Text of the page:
Campaigners could make online safety super-complaints to Ofcom, Government says

16 November 2023, 13:34

A woman’s hands on a laptop keyboard
Government safety checks. Picture: PA

A consultation has been launched on allowing charities and campaigners the chance to raise online safety concerns directly with the regulator.

Expert groups and children’s charities could be allowed to submit super-complaints to Ofcom under the powers of the Online Safety Act.

The Government has launched a consultation seeking views on the possibility of allowing certain approved parties the ability to submit complaints to the new online regulator over concerns around internet safety and freedom of expression.

The Department for Science, Innovation and Technology said it was looking for views from expert groups to help define who could make a super-complaint, their format and how Ofcom should respond to them.

Under the new Online Safety Act, social media companies have been given new duties to protect children on their platforms, as well as remove illegal content and enforce their terms of service or face huge fines from Ofcom.

Super-complaints could help Ofcom stay on top of new harmful and emerging online trends as they appear, the Government said, noting that super-complaints or similar processes already exist in other sectors.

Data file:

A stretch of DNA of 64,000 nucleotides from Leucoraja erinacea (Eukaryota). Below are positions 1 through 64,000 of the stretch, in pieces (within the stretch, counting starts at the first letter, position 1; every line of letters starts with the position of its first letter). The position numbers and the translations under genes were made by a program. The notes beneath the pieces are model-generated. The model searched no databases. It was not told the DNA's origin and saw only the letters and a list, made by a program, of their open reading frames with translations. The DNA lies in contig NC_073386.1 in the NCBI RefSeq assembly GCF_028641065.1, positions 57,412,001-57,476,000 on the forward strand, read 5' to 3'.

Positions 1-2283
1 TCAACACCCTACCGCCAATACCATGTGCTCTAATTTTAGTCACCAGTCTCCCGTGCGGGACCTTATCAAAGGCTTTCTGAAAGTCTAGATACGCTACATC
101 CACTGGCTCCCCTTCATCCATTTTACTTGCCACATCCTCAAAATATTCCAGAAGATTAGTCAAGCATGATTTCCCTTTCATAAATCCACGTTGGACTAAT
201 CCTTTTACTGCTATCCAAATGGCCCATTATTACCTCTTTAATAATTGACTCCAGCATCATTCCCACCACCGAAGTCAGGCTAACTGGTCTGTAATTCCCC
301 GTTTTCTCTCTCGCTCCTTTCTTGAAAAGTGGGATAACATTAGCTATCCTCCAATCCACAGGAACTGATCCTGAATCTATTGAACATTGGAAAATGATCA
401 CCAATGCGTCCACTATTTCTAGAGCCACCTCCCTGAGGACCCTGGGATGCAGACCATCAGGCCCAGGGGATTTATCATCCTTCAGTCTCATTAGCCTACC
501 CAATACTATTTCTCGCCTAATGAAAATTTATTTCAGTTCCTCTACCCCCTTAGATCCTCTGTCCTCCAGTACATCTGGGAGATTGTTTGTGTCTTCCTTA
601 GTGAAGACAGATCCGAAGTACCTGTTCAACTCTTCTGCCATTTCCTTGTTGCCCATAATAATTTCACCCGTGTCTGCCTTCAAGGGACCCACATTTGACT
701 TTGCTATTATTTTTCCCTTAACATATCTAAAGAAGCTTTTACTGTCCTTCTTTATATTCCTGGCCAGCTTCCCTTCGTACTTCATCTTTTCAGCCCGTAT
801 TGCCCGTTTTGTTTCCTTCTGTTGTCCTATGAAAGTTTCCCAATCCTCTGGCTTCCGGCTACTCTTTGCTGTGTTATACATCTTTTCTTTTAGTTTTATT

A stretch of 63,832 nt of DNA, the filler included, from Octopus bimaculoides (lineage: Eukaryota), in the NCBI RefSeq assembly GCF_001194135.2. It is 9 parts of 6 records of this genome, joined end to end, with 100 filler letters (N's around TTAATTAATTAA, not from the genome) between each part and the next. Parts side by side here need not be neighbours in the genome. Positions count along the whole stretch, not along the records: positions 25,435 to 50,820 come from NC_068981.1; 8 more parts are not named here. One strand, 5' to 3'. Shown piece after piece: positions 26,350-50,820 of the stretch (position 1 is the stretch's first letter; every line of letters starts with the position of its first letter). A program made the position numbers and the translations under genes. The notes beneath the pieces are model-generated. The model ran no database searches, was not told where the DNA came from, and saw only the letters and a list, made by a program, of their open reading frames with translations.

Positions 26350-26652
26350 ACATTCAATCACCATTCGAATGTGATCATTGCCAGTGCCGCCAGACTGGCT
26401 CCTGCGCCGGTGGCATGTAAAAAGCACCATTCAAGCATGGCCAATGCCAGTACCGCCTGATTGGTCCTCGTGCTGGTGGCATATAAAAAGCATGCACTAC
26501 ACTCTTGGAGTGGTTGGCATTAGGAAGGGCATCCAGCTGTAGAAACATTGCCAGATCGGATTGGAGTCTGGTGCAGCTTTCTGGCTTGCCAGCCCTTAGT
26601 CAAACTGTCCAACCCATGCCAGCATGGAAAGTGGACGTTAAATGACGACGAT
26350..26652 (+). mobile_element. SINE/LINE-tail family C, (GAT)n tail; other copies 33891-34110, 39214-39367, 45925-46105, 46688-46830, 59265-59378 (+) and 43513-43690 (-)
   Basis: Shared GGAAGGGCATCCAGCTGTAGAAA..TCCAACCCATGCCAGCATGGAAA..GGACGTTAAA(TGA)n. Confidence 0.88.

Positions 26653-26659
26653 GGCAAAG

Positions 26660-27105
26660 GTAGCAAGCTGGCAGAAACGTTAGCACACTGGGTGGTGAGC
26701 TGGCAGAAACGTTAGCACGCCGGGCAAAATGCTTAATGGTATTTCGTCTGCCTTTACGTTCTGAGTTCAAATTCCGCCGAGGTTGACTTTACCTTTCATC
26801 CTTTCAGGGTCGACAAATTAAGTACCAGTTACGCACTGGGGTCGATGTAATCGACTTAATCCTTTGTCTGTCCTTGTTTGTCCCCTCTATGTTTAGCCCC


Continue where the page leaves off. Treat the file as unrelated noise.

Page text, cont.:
“The Online Safety Act makes the UK the safest place in the world to be online, but we need to be sure Ofcom is ready to respond to any emerging online safety issues as soon as they arise,” Technology Secretary Michelle Donelan said.

“The super-complaints process will allow organisations to make Ofcom aware of new challenges quickly and efficiently, making sure the ambition and promise of the Online Safety Act can keep pace with evolving trends, protecting people online for decades to come.”

Ofcom has already begun publishing its draft codes of practice – the blueprints for tech firms to follow to keep their users safe – and which will be used to help enforce the Online Safety Act.

“Protecting children and protecting free speech are key pillars of the UK’s groundbreaking new online safety laws,” Ofcom’s online safety group director, Gill Whitehead, said.

“Campaigners’ voices have helped lay the foundations, and we want to continue hearing from them as we build a safer life online.

“We’ve assembled a world-class team so we can keep a close eye on issues as they emerge, and we’ve already set out our first blueprint for what tech firms need to do to tackle illegal harms.

“But we won’t be doing this alone, and we’re looking forward to working with a broad coalition of experts.”

By Press Association

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